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Reality Check: Why the UhuRuto phenomenon could be falling apart

By Walter Chesang | Published Thu, July 5th 2018 at 00:00, Updated July 4th 2018 at 18:41 GMT +3
President Uhuru Kenyatta and hi deputy WIlliam Ruto at a past campaign rally in Busiaa. [File, Standard]

The Constitution of Kenya, 2010 chapter 9 on the Executive has very clear provisions on the nomination, election, assumption of office, authority, functions, powers and remuneration of the President, Deputy President and Cabinet Secretaries. The President is the “de jure” Head of State and Head of Government as well as the Commander in Chief of the Kenya Defence Forces.

The relationship between the President, deputy president and Cabinet secretaries is crystal clear. The President is the boss and the buck stops with him. Period. The President can hire and fire Cabinet secretaries. There is no provision for co-presidency or sharing of presidential powers. However, the Jubilee administration is anchored on fallacies and myths that borders on the insane. Here are the fallacies.

Constitution hullabaloo

First is the 2022 succession debate.The country is gripped by debilitating and energy sapping debate on why William Samoei Ruto (WSR) should be president in 2022. The raging debate is similar to the change the Constitution hullabaloo of 1976.

It took the genius of the Constitutional Puritanism of Charles Mugane Njonjo to bring sobriety in the land when he stated categorically that “it is a Criminal offence for any person to encompass, imagine, devise or intend the death or deposition of the President…. Furthermore, it is also an offence to express, utter or declare such encompassing, imaginations, devices or intentions by publishing them in print or writing”. There is no provision in the Supreme law that states that the deputy president will take over when the President retires. It is the end of the game and a fresh start for all Kenyans.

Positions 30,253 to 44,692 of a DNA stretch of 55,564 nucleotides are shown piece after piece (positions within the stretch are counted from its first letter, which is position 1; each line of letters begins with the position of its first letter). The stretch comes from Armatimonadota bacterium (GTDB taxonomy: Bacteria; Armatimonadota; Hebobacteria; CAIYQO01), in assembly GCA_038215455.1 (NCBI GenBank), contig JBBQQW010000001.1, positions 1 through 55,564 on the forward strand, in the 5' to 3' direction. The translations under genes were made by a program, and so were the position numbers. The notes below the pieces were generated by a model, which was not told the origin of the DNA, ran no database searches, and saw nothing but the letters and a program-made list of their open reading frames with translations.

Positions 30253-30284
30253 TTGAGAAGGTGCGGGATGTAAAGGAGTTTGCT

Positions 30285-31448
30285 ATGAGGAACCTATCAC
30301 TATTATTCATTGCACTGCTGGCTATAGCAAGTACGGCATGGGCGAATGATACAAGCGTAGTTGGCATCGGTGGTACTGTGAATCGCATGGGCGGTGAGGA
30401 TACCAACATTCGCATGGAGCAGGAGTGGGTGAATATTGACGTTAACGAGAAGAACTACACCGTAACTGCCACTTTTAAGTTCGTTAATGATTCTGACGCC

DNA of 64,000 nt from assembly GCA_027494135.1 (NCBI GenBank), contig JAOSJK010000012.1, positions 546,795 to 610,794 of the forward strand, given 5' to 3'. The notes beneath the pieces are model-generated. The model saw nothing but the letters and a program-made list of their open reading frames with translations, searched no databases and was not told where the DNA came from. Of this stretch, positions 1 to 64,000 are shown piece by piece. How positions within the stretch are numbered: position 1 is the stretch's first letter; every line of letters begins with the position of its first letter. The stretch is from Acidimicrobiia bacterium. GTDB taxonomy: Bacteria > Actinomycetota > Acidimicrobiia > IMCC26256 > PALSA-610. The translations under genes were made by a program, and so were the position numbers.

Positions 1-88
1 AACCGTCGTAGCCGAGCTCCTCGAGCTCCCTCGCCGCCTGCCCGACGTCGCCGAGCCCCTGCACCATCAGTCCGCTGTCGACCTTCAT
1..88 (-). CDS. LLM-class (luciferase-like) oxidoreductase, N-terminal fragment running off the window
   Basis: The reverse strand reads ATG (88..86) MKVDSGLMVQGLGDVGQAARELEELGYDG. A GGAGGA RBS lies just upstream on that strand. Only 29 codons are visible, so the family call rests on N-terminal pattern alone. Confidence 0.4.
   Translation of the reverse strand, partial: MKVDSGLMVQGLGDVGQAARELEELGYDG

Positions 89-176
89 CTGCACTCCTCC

Second, Kenyans have been hoodwinked that without the sweat and tears of WSR, Uhuru Kenyatta would not and could not have been the President of Kenya. This is the greatest fallacy in Kenyan history.

How much did Ruto contribute to Uhuru Kenyatta’s election in 2013 and 2017? Let us undertake a forensic political audit. Which building, which cow, which venue, which strategy, which deliverables did Ruto give Kenyatta? Company yes, but who paid the bills. May the audit begin.

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Third is the claim that the Kikuyu and Kalenjin are a formidable political force. The two communities have provided all the four presidents since independence and will continue to provide more future presidents. However, their tyranny of numbers is not enough to guarantee prosperity for all the Kenyan people. The August 2017 General Election was nullified by the Supreme Court.

The fresh presidential election October 26, 2017 was boycotted by the successful petitioner Raila Odinga. It took the extra constitutional initiative known as Building Bridges Initiative (BBI), popularly called the “handshake”, for the temperatures to calm down.

Exclusionism in the name of winner-takes-it-all will not and will never guarantee peace to our country. Some form of inclusivity must be envisaged and entrenched for Kenya to prosper. Any other way is no way.

The fourth fallacy is that Ruto is owed some debt by Uhuru Kenyatta. Chinua Achebe, the founding father of modern African literature, in his book ‘Things Fall Apart’ captures this fallacy very well in an early morning encounter between Unoka the father of Okonkwo and his neighbou Okoye.

Poor producer

Okoye was preparing to take the Idemili title, the third highest in the land and a very expensive ceremony that forced him to gather all his resources together, including some 200 cowries Unoka had borrowed from him years back.

Unoka laughed loud and long when he learned of Okoye’s mission and eventually, between fresh outbursts of mirth, he told Okoye: “Look at that wall …..Look at those lines of chalk….Each group represents a debt to someone, and each stroke is 100 cowries. You see, I owe that man 1,000 cowries. But he has not come to wake me up in the morning for it. I will pay you, but not today. Our elders say that the sun will shine on those who stand before it shines on those who kneel under them. I will pay my big debts, first”. Mr Deputy President you will be paid, but not today (2022). Big debts must be paid first. And you know it.

The fifth fallacy is that Ruto is a political genius. The deputy president is a good consumer of political products but a very poor producer of political outputs.

WSR seems to forget that “those whose palm-kernels were cracked for them by a benevolent spirit should not forget to be humble”. There are those who think the DP would rather watch you hurtle down the cliff and then ask belatedly “why did he do it”. The risk of this is that the sheep will break into tumult instead of action when they are needed most.

 Mr Chesang is a historian


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